Colonel Martin Wiseman ’79 in a yearbook photo his senior year and in a military photo for his retirement
When it comes to ice breaker games, Martin Wiseman ’79 has always had an ace up his sleeve. Not many men, much less those with 33 years of experience in the military and military reserves, can say they graduated from a woman’s college.
“They always ask you during training sessions to tell one thing about yourself that is unusual,” said Wiseman, who retired in October as a colonel for the U.S. Air Force. “I tell them I graduated from Randolph-Macon Woman’s College. That usually shocks people.”
During the College’s years as a single-sex institution, men were allowed to attend classes and even graduate. In total, seven men graduated from the College with undergraduate degrees. Most of them were sons of faculty members, but Wiseman was an exception—and the last male to graduate before the College went coed in 2007.
“I look back on my years at Randolph-Macon with a great deal of fondness,” said Wiseman, who now lives in Richmond, California. “The education I received there taught me how to think. The liberal arts, especially at a school like Randolph-Macon, help you learn how to analyze problems and help you be really objective in evaluating issues. I’ve been able to use that my whole life.”
Wiseman’s road to R-MWC began during his years at Holy Cross Regional School in Lynchburg. While attending the private school, he learned about R-MWC. After high school, he attended Belmont Abbey College in North Carolina for a year before entering the Army. Once his tour was up, he returned to the United States. “Things turned around for me while I was in the Army, and I really wanted to go to a good school. I wanted to major in history.”
While at home in Lynchburg, Wiseman went to R-MWC to use the school’s undergraduate catalogs to see about applying to state schools. “While I was there, I started talking to a counselor about how I just wanted a good school to study history,” he said. “It turned out Randolph-Macon was perfect for that.”
A special admissions committee admitted Wiseman, and he was allowed to become a resident student. He lived in a house near the gymnasium with several other men who were attending R-MWC as exchange students. Not everyone welcomed the men on campus in those days. “There were people who were very resentful that I was there,” he said. “But there were others who were wonderful to me and who became great friends.”
Living on campus allowed Wiseman to hold several jobs and be involved in campus activities but created a few problems as well. Men were not allowed into the dorms at certain times, and he had to find “creative” solutions to attend study groups. “I had to sneak in sometimes because the study groups were always held in the dorms,” he laughed.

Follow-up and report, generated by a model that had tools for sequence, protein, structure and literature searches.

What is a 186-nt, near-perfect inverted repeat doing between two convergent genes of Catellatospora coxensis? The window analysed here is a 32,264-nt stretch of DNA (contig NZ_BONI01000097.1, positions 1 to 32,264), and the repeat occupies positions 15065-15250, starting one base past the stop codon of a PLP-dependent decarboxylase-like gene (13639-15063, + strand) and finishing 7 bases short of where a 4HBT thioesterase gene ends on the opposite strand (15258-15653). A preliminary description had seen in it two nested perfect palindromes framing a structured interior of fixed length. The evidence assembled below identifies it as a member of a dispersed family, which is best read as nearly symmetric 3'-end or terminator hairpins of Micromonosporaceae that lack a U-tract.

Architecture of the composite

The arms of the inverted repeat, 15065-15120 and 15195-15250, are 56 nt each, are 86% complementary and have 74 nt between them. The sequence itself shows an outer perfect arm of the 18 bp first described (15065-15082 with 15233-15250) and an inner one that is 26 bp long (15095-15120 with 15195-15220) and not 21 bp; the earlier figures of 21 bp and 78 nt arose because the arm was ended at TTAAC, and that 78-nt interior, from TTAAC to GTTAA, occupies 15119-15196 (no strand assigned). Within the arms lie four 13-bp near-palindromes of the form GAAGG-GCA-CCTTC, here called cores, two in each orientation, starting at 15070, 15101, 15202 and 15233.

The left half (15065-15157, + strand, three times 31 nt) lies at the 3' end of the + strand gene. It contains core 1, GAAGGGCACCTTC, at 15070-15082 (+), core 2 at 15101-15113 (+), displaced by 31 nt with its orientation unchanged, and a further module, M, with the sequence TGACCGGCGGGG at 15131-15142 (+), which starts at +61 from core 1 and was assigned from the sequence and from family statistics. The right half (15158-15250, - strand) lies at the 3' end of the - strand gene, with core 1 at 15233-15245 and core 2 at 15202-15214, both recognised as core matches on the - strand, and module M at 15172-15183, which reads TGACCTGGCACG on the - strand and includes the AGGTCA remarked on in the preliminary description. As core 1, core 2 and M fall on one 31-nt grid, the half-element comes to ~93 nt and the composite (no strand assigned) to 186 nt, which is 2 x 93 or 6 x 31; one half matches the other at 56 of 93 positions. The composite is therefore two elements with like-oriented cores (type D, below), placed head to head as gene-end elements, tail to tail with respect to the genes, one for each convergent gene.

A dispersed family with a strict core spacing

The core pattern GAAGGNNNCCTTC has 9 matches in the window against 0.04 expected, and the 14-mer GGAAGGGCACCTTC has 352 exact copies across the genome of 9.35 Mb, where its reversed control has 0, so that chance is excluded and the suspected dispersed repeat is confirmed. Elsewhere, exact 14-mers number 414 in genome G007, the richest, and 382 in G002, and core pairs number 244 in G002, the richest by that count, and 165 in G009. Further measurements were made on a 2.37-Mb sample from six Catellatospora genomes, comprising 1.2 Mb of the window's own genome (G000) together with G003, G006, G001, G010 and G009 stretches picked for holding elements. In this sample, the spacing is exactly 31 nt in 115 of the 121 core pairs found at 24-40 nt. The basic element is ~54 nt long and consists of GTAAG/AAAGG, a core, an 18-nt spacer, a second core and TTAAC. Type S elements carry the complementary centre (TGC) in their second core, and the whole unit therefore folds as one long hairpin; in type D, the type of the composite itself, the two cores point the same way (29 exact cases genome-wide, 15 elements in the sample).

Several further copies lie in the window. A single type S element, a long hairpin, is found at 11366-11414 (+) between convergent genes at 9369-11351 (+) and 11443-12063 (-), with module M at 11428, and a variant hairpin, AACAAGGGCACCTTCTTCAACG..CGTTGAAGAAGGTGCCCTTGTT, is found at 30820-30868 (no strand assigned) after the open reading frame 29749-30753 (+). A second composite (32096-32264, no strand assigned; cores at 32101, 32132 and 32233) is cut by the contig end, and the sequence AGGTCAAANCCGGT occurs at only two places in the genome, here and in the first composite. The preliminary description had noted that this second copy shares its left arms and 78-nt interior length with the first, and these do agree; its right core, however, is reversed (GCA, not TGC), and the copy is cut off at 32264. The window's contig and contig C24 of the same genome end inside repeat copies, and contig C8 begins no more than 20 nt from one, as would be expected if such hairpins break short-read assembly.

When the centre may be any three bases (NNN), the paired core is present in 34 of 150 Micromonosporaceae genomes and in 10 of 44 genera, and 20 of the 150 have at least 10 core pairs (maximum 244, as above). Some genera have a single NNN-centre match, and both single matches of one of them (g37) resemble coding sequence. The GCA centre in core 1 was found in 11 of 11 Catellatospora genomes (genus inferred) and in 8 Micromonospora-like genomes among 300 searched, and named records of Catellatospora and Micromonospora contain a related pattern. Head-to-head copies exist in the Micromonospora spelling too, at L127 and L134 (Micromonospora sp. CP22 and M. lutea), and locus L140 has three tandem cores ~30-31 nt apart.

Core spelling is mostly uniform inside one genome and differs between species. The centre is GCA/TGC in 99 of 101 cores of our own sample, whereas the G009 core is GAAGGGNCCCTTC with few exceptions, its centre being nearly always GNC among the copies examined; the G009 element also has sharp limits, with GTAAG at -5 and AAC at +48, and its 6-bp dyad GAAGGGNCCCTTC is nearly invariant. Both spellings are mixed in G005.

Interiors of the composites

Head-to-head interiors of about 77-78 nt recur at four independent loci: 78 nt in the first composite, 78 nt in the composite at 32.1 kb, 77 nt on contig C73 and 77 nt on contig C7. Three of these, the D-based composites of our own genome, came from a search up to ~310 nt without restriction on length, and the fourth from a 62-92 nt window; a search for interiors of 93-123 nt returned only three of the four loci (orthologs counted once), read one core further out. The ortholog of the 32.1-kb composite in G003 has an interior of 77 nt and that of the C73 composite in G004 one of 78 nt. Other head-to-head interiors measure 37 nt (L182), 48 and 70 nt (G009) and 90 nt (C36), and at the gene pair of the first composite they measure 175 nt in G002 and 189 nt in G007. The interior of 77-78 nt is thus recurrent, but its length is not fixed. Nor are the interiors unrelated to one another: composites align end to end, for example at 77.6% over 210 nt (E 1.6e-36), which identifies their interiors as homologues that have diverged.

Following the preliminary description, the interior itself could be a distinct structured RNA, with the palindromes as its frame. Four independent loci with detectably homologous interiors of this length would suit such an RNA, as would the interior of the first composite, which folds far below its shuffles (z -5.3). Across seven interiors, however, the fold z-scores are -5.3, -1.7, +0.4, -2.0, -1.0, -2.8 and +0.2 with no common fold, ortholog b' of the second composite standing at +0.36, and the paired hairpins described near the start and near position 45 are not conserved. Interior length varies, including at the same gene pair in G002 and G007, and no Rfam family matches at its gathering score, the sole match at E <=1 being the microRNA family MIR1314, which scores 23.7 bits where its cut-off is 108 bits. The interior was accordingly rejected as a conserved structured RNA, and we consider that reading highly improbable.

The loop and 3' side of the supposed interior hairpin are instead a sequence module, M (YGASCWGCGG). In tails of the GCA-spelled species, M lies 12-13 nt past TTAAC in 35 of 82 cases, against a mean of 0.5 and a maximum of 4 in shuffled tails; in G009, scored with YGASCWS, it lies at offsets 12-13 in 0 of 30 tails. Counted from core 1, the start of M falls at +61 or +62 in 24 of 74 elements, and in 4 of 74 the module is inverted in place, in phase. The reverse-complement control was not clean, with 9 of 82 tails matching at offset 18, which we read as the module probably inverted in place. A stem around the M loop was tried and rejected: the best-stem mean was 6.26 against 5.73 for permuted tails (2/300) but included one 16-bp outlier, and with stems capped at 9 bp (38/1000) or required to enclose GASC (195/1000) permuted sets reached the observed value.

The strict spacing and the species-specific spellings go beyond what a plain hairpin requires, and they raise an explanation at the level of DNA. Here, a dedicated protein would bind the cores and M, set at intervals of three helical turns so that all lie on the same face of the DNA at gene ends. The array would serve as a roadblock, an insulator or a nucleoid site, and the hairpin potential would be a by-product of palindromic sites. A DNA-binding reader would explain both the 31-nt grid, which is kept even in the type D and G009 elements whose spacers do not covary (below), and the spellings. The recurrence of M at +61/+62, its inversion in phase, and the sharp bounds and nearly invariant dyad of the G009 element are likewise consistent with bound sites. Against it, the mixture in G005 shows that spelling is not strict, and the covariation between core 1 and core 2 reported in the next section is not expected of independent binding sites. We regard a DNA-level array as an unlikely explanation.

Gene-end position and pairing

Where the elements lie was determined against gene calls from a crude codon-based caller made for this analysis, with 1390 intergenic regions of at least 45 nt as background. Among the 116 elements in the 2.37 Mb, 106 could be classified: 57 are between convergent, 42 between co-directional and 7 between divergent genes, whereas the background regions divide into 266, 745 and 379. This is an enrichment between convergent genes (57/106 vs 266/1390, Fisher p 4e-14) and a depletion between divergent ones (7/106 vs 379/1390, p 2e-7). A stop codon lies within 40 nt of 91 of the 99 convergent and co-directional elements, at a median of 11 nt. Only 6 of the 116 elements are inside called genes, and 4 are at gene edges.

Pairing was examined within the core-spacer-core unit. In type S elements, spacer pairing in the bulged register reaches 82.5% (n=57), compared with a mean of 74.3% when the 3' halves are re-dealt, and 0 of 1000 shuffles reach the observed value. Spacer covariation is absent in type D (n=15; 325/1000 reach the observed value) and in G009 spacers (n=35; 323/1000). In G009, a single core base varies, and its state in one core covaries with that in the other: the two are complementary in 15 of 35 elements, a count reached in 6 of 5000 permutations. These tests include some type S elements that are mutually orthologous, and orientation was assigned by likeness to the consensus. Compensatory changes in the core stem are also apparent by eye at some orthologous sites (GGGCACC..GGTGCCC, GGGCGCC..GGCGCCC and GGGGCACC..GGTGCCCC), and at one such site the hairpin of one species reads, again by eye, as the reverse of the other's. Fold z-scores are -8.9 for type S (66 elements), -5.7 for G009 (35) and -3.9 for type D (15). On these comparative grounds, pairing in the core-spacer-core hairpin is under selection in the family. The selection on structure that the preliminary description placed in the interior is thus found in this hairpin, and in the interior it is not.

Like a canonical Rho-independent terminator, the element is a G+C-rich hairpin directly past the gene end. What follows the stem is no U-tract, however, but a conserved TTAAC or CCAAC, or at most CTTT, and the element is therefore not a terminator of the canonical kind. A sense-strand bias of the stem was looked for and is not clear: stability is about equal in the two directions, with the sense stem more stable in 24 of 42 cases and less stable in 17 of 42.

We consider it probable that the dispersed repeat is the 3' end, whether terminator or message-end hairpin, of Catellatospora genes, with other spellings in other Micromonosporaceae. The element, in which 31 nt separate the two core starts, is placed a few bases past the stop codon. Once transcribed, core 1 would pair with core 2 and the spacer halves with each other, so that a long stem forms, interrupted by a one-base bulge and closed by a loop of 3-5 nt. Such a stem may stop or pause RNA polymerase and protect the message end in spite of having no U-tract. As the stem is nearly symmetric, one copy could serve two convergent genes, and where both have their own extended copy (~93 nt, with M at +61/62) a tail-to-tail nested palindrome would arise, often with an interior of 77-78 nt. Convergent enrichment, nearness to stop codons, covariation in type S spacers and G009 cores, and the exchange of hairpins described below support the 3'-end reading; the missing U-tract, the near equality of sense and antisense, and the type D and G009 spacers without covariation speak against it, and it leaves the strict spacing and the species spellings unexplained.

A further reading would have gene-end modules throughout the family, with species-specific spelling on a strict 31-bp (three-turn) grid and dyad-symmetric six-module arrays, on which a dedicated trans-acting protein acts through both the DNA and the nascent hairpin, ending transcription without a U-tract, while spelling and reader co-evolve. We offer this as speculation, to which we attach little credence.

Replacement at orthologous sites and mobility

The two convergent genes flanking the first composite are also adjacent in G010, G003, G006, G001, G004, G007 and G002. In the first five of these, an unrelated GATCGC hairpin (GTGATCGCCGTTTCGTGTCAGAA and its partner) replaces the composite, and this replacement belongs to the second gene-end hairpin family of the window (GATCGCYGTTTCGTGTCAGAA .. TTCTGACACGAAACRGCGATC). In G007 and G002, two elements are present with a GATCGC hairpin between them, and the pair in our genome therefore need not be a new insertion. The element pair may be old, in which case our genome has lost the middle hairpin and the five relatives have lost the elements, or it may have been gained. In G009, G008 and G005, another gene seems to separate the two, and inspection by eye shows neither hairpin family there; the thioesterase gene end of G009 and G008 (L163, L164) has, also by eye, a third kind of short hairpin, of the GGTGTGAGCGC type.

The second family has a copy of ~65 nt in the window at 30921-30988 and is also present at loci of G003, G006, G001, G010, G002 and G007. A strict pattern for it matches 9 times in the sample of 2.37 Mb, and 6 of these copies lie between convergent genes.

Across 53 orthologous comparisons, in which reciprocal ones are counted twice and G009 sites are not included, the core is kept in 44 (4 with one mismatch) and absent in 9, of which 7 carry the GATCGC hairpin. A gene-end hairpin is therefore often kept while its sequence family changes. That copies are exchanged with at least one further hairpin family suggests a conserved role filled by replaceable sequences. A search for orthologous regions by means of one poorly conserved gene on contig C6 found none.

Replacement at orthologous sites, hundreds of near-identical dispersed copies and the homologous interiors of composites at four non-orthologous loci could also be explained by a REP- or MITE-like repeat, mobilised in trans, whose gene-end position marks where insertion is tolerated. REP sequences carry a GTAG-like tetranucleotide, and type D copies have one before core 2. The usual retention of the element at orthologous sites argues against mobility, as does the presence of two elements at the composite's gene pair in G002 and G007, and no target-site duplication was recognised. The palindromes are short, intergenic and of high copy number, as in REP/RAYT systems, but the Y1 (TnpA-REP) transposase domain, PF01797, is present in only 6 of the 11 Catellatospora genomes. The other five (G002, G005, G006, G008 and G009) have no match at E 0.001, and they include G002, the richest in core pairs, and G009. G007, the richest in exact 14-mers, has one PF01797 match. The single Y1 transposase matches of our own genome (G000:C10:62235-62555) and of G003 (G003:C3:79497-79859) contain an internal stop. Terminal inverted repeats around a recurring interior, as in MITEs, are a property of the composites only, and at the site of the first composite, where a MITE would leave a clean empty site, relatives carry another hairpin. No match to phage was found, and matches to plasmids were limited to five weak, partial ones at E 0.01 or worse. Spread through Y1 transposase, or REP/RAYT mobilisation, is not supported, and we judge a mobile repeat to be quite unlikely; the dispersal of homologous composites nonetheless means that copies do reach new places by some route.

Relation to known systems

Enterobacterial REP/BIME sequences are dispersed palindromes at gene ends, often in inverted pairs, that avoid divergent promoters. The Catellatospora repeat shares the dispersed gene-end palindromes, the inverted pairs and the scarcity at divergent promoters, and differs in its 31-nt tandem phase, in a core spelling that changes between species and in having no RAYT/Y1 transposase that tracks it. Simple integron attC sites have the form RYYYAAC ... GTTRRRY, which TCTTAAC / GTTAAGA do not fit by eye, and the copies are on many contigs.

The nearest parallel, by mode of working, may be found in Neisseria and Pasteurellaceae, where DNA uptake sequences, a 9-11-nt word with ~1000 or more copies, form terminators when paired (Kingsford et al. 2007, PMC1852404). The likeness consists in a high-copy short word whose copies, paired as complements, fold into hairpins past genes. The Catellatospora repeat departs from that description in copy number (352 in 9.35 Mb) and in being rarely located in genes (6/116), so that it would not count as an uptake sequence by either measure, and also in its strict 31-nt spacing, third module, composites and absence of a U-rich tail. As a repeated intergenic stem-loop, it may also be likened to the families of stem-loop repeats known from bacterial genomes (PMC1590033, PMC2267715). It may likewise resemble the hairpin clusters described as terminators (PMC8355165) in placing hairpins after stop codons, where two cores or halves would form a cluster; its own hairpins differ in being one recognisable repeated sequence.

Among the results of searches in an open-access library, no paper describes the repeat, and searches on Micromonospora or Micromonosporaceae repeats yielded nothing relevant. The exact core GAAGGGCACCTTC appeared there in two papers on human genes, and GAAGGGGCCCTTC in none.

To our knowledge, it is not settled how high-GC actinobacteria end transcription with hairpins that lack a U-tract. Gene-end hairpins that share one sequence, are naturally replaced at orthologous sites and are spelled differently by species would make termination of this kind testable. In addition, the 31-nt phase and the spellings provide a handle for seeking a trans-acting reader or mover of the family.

Wiseman was a deejay for the campus radio station and even played on the College’s golf team. “It was an interesting time,” he said. On his graduation day from R-MWC, Wiseman’s mother served as his squire. “I’ve always been proud to have a degree from R-MWC,” he said.
After graduation, Wiseman needed a way to pay for his graduate degree. He was accepted into an Air Force officer training program that paid for his M.B.A. in organizational management from the University of Missouri. He graduated first in his class. “I didn’t have a real desire to go into the military,” he said. “It was a means to an end. My real love of the Air Force grew after I enlisted.”
Wiseman’s military and professional career took off once he finished his first five years on active duty with the Air Force. He entered the Air Force Reserves and went to work as a national bank examiner for the Office of the Comptroller of the Currency, a department of the U.S. Treasury. After being transferred to New York and then Washington, D.C., Wiseman was called up to active duty in 2003 and spent a year working at the Pentagon. In 2004, the U.S. Treasury Department asked Wiseman to go to Iraq for six months to help the Iraqi government establish an internationally compliant banking system. He returned to Iraq in 2006 for another year of service.
His experiences in Iraq were life changing. The conditions and the people he saw and met altered Wiseman’s perspective on life. A mortar once hit 30 yards from his trailer, killing three people.
“Part of it was being in a combat area,” he said. “We were mortared all the time. But the tough part also ended up being the hours and the pressure. We were going seven days a week, and most days we were there 16–18 hours a day.”
Wiseman remembered also how his attitude changed after spending time in another culture. “I had the opportunity to travel and see the world and to do something that really mattered,” he said. “The first time I went to Iraq, I naively thought we were going to save the day. Later, I found myself thinking about how the Iraqi people felt and what they really wanted.”
In 2008, Wiseman received yet another challenge. He was asked to serve as deputy director for political military affairs at the U.S. Embassy in Kabul, Afghanistan. Once again, he experienced the challenges associated with working in a combat zone. “My degree in history helped me understand serving for our country even if I didn’t always agree with national policy,” he said. “There is a sense of integrity, honesty, and the fact that you are really doing something for your country.”
After a year in Afghanistan, Wiseman returned to the Pentagon. He officially retired in October.